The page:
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After overcoming series of injuries, CoCo Vandeweghe back in contention

CoCo Vandeweghe will play against Bernarda Pera in Sunday's Thoreau Tennis Open final.Kevin Paul Dupont

CONCORD — CoCo Vandeweghe, ranked No. 9 in the WTA world rankings as recently as January 2019, has fought through a frustrating, even bizarre array of injuries in the last few years.

The start of it all — before an unfortunate mishap with a microwave oven — was the wonky foot/ankle injury that cropped up inexplicably during her stay at Wimbledon in 2018.

“Overnight, I couldn’t walk,” Vandeweghe recalled here Saturday afternoon after advancing to the Thoreau Tennis Open final with her 6-4, 6-3 win over China’s Qiang Wang. “It meant relearning how to walk and move and run … that took about eight months to feel I could play tennis again. I’d kept playing on it, post-Wimbledon. Wrong decision. Should have taken time off. Live and learn, right?”


Vandeweghe, 30, once a pro-circuit newbie with the WTT Lobsters lineup when they were based in Worcester (2010-11), will face Croatian-born Bernarda Pera here in Thoreau’s WTA 125 final on Sunday.

Pera, 27, a hard-hitting lefty, dispatched 18-year-old Californian Katrina Scott, 6-4, 6-2, in the day’s latter semifinal match that lasted only 1:13.

Pera and Vandeweghe have opposed each other only once before, with Pera finishing on top in a three-setter in Adelaide, Australia, in 2018.

“That was a good one … a long one … it ended 7-5 or 7-6 in the third,” recalled Pera, who arrived in Thoreauville after filching back-to-back titles in Europe (Budapest; Hamburg) last month. “She’s an aggressive player. Big serve. Big forehand. Even with the injuries she’s had, she’s just a great player.”

The 6-foot-1-inch Vandeweghe, after clinching the opening set Saturday, fell behind, 2-1, when Wang broke her in the third game of the second set. But she broke right back to level at 2-2, and then gained a foothold in the match when she again broke Wang to make it 4-2. She served out the 6-3 clincher, battling back from 15-40 and winning on her first match-point chance.


“I thought I handled adversity well today,” said Vandeweghe, tracking for a return to the US Open, where, despite a tender foot, she won the doubles title in 2018, partnered with Ashleigh Barty. “I think I could have done a better job on second serves — get them in play earlier, make them feel pressure.

“But overall, you can’t be upset about winning.”

A title here, though it might pale in comparison to the days when she regularly played in Grand Slam events, would be extra meaningful for Vandeweghe. She hasn’t won a WTA title since prior to the extended COVID shutdown in 2020, which she made all the longer with her, shall we say, ham-fisted work in the kitchen.

“Yeah, sliced off my pinkie,” said Vandeweghe, lifting her left hand to show a visitor her repaired, albeit slightly crooked digit. “So I couldn’t use my left hand. So, yeah, it means I’m back working on my two-handed backhand again.”

The finger fell prey to an overheated bowl that exploded, said Vandeweghe, as she pulled it out of the microwave at her home near San Diego.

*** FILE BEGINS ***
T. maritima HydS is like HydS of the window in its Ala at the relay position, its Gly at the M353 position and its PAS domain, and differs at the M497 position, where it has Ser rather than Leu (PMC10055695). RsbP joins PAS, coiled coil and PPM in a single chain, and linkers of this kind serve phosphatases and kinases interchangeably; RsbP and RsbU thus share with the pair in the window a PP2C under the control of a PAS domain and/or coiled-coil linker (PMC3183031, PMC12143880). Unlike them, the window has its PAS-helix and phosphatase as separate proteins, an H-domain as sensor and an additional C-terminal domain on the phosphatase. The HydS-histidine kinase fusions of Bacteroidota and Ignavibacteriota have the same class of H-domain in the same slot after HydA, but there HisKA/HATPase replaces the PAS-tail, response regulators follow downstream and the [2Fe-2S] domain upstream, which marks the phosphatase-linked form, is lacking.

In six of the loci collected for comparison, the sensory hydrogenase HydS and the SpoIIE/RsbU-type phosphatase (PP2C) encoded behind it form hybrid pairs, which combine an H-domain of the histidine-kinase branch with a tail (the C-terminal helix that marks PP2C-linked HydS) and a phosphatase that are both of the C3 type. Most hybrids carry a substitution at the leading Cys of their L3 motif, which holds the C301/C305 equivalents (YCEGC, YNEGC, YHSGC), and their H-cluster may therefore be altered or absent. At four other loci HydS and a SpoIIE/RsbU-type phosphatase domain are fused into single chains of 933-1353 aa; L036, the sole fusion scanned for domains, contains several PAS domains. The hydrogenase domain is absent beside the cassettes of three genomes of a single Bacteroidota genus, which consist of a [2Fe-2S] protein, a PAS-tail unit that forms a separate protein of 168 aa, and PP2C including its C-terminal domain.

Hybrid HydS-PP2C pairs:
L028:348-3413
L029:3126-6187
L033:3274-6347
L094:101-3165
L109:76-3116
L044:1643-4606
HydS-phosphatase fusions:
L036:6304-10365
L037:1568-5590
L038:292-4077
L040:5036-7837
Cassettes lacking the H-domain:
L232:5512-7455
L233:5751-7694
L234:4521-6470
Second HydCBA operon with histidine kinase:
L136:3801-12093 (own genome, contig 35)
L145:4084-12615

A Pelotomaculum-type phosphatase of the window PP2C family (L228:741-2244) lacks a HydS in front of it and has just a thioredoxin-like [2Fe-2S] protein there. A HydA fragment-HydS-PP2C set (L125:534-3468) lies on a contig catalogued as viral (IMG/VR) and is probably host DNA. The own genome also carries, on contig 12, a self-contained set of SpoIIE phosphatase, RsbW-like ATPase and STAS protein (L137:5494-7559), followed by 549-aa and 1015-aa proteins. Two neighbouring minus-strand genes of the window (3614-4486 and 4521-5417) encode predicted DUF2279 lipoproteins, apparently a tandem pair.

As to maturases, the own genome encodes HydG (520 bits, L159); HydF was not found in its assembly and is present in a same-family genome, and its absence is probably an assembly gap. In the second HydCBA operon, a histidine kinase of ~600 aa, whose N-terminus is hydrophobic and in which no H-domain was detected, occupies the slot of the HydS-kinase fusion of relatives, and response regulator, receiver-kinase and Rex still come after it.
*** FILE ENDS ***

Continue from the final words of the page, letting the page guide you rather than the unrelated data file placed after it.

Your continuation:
“It was too hot, and should have been on the stove,” she recalled. “A bad mistake.”

The finger required full reconstructive surgery, said Vandeweghe, the explosion tearing up two ligaments and a nerve.

“I still don’t have full movement on it,” she said, flexing the slightly stubborn finger as proof, prior to heading into the gym for her post-match workout. “But do the best with what you’ve got, right?”


On Sunday, Vandeweghe also will play for a doubles title, paired with Moscovite Varvara Flink. Following her win over Wang in singles, Vandeweghe partnered with Flink in a 6-3, 6-2 win over Mirjam Bjorklund (Sweden) and Fernanda Contreras Gomez (Mexico).

Sunday’s final match of the day, following the singles matchup that begins at noon, will see Vandeweghe and Flink face Peangtarn Plipuech (Thailand) and Moyuka Uchijima (Japan) for the doubles title.

The Pera-Vandeweghe final will feature two hard hitters, with Pera slightly smaller and more agile, perhaps more inclined to come to the net.

Faced with Scott, a vigilant retriever, on Saturday, Pera won her first two games, but needed extra time for her serve to get in sync. She leveled at 2-2, in the first set, winning a service game that took her 14 points and 10 minutes to get the job done. Later, she broke Scott for a 5-4 lead to grab hold of the first set, then breezed through the second.

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The Vandeweghe-Wang match drew a crowd upward of 300, and then only some 200 watched Pera-Scott . . . Vandeweghe fondly recalled her Bay State days with the Lobsters. “I got to see a Sox game!” she recalled. “I was so young and just kinda enjoying the summer out here on the East Coast ... really had a great time. Bud Schultz was the coach and he was amazing. I made friends for life off those teams, with Eric Butorac and Jan-Michael Gambill. I’m still in touch with all those people.” . . . In contrast to the suffocating heat and humidity earlier in the week, play on Saturday was mostly under a partly sunny sky and temps in the mid-70s, what one visitor suggested to Vandeweghe was more like California weather. “A little cold,” she said, adding with a laugh, “but I like it.”


Kevin Paul Dupont can be reached at kevin.dupont@globe.com.